Female Adolescent Sexuality
FEMALE ADOLESCENT SEXUALITY 4
Femalesexuality in the United States is determined by both the cultural andreligious norms. In this paper, the adolescent sexuality of girlsfrom African American ethnicity will be highlighted and the norms ofthe subculture. The bond between mothers and their daughters isstrong in this subculture. African American girls get informationabout sexuality from their mothers. There is limited parentalmonitoring in this sub-culture this exposes the girls to earlypregnancies. The girls engage in sexual behaviors, which expose themto the risk of pregnancy when they are still in school (Winters& Winters, 2012).For instance, a good number of these girls do not use protectionduring intercourse. The likelihood of an African American adolescentgirl to have sex is determined by the frequency of communication withtheir parents, as well as the topics discussed. Open communicationimplies that a girl will most likely not get pregnant at an early age(Donenberg, Emerson, & Mackesy-Amiti, 2011).
Thenorms discussed above can be instrumental in the formulation of aprogram to address the issue of teenage pregnancy. With these norms,an adolescent pregnancy program can be developed. In this initiative,African American parents can be encouraged to talk about sex to theirdaughters. Young girls from this culture can gain awareness of sexualissues and consequences of unprotected sex (Koh, 2014). Moreover, thenorms can be used to avail information to young people about safe sexand how one can avoid becoming pregnant at an early age. Promotingthe effective use of contraception is one of the strategies that canbe used. Knowledge about sexual health should be availed toadolescents. Trained facilitators can be involved in teachingadolescent girls the dangers of engaging in early sexual intercourse.This can be achieved by urging them to delay their sex desires untilthey finish schooling (Martin et al, 2009).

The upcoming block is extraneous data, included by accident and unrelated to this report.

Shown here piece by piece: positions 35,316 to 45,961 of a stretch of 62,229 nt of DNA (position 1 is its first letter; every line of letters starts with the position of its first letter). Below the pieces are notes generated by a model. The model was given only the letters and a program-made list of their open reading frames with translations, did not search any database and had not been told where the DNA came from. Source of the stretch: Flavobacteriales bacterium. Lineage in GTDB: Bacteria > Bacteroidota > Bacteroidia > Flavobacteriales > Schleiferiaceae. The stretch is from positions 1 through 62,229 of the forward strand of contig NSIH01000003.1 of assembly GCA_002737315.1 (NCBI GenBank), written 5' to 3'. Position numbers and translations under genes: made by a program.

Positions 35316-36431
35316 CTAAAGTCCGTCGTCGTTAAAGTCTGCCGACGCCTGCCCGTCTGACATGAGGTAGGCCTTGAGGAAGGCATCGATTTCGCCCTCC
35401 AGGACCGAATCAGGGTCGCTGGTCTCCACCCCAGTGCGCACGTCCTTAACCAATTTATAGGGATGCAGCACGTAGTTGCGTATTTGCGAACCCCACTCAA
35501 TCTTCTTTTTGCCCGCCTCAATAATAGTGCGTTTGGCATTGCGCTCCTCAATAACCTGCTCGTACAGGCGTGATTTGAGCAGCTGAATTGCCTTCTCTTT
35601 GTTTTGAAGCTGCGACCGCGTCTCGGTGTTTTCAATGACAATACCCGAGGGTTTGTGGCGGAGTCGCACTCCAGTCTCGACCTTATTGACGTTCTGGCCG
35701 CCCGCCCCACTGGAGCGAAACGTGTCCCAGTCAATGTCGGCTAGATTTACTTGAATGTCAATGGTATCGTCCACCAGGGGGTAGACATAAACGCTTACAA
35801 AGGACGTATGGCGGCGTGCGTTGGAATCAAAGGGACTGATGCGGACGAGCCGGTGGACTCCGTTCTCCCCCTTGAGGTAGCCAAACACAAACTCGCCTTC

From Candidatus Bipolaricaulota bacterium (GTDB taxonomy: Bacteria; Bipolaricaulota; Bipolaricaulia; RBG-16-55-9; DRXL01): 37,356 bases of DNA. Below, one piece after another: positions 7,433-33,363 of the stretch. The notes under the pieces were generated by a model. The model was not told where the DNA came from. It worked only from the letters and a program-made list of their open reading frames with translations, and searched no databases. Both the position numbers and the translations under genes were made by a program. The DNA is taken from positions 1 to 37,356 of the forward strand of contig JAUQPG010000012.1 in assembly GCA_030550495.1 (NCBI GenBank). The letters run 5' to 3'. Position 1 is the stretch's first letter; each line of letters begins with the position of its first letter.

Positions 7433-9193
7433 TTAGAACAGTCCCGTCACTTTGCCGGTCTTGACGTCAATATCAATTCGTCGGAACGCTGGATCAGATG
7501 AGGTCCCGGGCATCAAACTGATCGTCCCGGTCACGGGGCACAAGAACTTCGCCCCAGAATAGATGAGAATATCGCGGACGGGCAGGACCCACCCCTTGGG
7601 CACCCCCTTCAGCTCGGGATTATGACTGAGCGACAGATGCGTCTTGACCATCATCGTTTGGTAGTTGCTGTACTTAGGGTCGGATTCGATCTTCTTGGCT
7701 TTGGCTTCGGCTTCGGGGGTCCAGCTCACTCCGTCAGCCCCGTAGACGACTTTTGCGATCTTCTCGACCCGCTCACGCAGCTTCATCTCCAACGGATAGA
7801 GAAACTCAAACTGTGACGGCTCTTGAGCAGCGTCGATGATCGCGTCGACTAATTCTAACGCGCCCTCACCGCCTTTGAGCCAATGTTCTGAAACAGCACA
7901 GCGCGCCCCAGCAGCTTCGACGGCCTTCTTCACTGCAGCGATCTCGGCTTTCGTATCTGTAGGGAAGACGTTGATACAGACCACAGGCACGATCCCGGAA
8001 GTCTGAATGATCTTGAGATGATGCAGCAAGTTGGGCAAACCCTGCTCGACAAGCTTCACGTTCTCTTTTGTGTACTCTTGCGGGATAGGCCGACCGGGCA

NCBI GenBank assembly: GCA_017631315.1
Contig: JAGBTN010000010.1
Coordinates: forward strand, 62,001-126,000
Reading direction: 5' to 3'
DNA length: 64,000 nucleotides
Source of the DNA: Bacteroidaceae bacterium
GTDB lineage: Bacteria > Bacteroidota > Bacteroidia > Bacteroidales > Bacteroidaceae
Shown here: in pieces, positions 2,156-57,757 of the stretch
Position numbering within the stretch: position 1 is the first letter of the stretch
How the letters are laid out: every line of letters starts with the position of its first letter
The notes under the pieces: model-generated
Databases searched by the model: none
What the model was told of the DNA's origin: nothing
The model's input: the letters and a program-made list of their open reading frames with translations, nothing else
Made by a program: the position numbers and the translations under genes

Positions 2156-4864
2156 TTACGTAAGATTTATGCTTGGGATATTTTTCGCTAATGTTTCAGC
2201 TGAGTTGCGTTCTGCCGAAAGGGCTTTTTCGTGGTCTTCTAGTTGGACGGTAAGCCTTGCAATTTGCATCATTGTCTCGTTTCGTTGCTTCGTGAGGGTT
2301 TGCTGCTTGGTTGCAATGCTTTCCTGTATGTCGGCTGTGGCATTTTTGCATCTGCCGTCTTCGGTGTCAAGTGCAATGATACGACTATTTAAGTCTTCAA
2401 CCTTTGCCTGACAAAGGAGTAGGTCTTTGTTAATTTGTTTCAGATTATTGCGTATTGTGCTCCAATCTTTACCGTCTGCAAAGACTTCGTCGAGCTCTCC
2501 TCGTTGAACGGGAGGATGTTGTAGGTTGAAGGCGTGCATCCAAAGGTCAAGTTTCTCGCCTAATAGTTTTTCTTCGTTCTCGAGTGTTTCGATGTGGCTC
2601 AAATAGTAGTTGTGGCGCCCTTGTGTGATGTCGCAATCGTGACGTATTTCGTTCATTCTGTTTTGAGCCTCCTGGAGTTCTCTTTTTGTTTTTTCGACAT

Donenberg,G. R., Emerson, E., & Mackesy-Amiti, E. (2011). Sexual Risk AmongAfrican American Girls: Psychopathology and Mother-DaughterRelationships. Journalof Consulting and Clinical Psychology 79(2),153-158.
Koh,H. (2014). TheTeen Pregnancy Prevention Program: An Evidence-Based Public HealthProgram Model. Journalof Adolescent Health 54(3),1-2.
Martin,J., Sheeran, P., Slade, P., Wright, A. & Dibble, T. (2009).Implementation Intention Formulation Reduces Consultations forEmergency Contraception and Pregnancy Testing Among Teenage Women.HealthPsychology 28(6),762-769.
Winters,L. I. & Winters, P. C. (2012). Black Teenage Pregnancy: A DynamicSocial Problem. SageJournals 4(1),1-14.
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